‘I’m in the Band’ Ep. 3: Allison Wolfe and Alice Bag Talk Stalking Elton John
Decline of Western Civilization, the 1981 go-to documentary of the early L.A. punk scene, provided me with my first glimpse of the powerhouse that is Alice Bag. In the late ‘70s and early ‘80s, she was the front woman of the Bags.
Trying to claim space in my own subcultural music scene, I was drawn to this fierce woman writhing around on stage, glaring into the audience and screaming into her microphone. This image, and those of other hard-to-access female punk pioneers, paved the way for girls like me to pick up the mic and start our own bands.
In her 2011 memoir Violence Girl, Alice describes growing up in an abusive household in East L.A. and how she transitioned from glam fandom to finding her voice in punk rock. Alice self-published a second book, Pipe Bomb for the Soul, detailing her volunteer work experience in 1980s Sandinista Nicaragua. She also studied philosophy in college and became a public school teacher in order to give her students what had been missing for her as a kid.
Alice continues to make music, perform, write, give talks and agitate for social justice. She’s finishing up her second solo album for Don Giovanni Records, which explores topics such as gender inequality and the white (in)justice system. In this third episode of I’m in the Band, Alice tells host Allison Wolfe about the early days of Los Angeles punk, fighting historical erasure as a queer women of color, and her lifetime of cultural activism.
On cultural activism and historical erasure… I define myself as an artist. If I don’t have some type of creative expression, my life is not worth living.
I don’t think there has to be only one type of activist. When people think of an activist, they think of somebody out marching or collecting signatures. It’s within your community, it’s within your grasp and even within your family, that you can make real change. One of the ways I try to do it is by writing songs that bring attention to subjects that I feel need more attention. Or by creating a website where women can talk about their experiences in the early L.A. punk scene, when their experiences had been largely ignored by people who were writing books. They wanted to know about one or two of the popular bands, and everything else that went into creating that scene was just erased.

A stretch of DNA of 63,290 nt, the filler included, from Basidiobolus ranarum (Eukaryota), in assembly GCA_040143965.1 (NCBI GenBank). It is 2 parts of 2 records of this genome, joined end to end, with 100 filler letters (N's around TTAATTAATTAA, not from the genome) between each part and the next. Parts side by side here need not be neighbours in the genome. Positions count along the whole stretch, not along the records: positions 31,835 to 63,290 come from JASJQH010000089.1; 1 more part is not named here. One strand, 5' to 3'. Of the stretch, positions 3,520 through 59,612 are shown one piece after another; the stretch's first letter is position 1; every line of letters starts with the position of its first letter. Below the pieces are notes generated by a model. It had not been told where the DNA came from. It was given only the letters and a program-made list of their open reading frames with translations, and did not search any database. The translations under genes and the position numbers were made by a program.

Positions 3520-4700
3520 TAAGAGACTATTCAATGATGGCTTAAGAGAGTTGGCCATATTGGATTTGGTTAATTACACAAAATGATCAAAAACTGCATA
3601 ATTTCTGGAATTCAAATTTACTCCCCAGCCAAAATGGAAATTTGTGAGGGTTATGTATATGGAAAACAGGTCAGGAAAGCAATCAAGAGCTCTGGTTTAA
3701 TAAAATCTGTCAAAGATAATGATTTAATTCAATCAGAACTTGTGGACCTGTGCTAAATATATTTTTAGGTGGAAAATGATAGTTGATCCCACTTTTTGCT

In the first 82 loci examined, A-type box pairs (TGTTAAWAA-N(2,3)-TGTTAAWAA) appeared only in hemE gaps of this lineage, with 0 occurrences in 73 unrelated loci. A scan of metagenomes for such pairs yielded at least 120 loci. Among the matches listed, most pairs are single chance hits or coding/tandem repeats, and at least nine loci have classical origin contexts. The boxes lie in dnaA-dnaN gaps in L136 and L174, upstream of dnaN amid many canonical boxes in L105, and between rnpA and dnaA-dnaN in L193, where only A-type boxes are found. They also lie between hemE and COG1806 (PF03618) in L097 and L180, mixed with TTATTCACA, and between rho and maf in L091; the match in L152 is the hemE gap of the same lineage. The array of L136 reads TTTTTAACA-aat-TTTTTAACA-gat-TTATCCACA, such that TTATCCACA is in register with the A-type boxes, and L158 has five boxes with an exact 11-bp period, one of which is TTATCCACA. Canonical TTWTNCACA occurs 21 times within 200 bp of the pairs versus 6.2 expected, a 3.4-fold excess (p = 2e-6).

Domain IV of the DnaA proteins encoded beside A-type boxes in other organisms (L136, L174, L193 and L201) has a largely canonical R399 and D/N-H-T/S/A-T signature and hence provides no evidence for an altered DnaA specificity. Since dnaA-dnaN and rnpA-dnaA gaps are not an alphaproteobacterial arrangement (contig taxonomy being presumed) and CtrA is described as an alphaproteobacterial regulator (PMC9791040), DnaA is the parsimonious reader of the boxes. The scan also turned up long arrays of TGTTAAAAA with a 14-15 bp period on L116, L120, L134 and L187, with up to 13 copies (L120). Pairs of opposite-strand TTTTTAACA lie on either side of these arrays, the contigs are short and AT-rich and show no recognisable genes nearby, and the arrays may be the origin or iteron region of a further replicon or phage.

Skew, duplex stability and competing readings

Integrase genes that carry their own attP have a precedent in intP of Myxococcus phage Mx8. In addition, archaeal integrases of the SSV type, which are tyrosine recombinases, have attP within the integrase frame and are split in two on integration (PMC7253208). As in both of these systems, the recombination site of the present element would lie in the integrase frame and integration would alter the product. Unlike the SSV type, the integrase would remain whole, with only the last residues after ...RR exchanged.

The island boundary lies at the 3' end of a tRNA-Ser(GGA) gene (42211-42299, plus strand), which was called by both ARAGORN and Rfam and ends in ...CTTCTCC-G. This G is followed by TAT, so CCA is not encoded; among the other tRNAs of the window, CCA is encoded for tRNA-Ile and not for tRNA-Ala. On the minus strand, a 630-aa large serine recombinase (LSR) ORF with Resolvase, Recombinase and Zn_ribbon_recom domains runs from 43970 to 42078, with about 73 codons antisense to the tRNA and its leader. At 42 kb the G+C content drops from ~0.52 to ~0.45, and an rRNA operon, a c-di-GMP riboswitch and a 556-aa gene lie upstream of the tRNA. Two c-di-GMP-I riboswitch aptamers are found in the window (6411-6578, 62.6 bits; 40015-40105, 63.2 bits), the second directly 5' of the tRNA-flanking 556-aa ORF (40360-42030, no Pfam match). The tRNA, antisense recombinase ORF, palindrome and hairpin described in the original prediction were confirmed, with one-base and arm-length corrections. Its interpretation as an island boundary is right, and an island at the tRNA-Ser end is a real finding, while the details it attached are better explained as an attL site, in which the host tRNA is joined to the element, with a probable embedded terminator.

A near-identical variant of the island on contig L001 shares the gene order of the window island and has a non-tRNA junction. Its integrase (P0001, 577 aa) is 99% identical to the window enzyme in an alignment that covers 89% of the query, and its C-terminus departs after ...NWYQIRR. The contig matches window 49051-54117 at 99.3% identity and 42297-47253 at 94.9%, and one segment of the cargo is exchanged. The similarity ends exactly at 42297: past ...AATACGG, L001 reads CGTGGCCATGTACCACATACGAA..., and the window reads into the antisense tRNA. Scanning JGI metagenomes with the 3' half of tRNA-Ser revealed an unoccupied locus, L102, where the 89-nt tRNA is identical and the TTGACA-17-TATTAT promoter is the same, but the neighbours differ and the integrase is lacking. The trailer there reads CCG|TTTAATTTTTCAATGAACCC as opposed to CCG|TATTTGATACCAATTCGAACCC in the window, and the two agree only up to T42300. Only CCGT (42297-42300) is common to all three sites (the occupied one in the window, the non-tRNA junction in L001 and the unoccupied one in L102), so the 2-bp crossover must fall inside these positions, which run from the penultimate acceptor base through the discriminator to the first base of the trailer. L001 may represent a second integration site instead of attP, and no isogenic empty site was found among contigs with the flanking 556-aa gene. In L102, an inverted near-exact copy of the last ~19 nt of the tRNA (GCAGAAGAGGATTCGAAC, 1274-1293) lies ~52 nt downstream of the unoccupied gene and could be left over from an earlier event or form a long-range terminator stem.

I’m sick of being erased as a woman, as a person of color, and as a queer person. Every part of me has been subjected to erasure. I want my presence felt so that some other young Chicana, some other young queer, some other woman will feel like, ‘I can make a difference, and I will be seen and heard.’
On growing up in an abusive household… My father was very abusive toward my mother. He beat her, dragged her around and kicked her. He did all of this in front of me. Being a child experiencing domestic violence, even though it’s not directed at you, you’re in the household absorbing all that negative energy and violence. I would feel sick, get stomach aches and just want to go to sleep. I was experiencing depression and trauma. I have a lot of anger, trauma and rage that didn’t come out until I was much older.
I identified with both my mother and my father. There was definitely one person on top making all the decisions, ruling with an iron fist, and there was one person that was underneath, being subjugated. I felt terrible for my mother, but I just felt like, ‘I never want to be the person that’s underneath. I never want to let this happen to me.’ So in many ways, I identified with my father.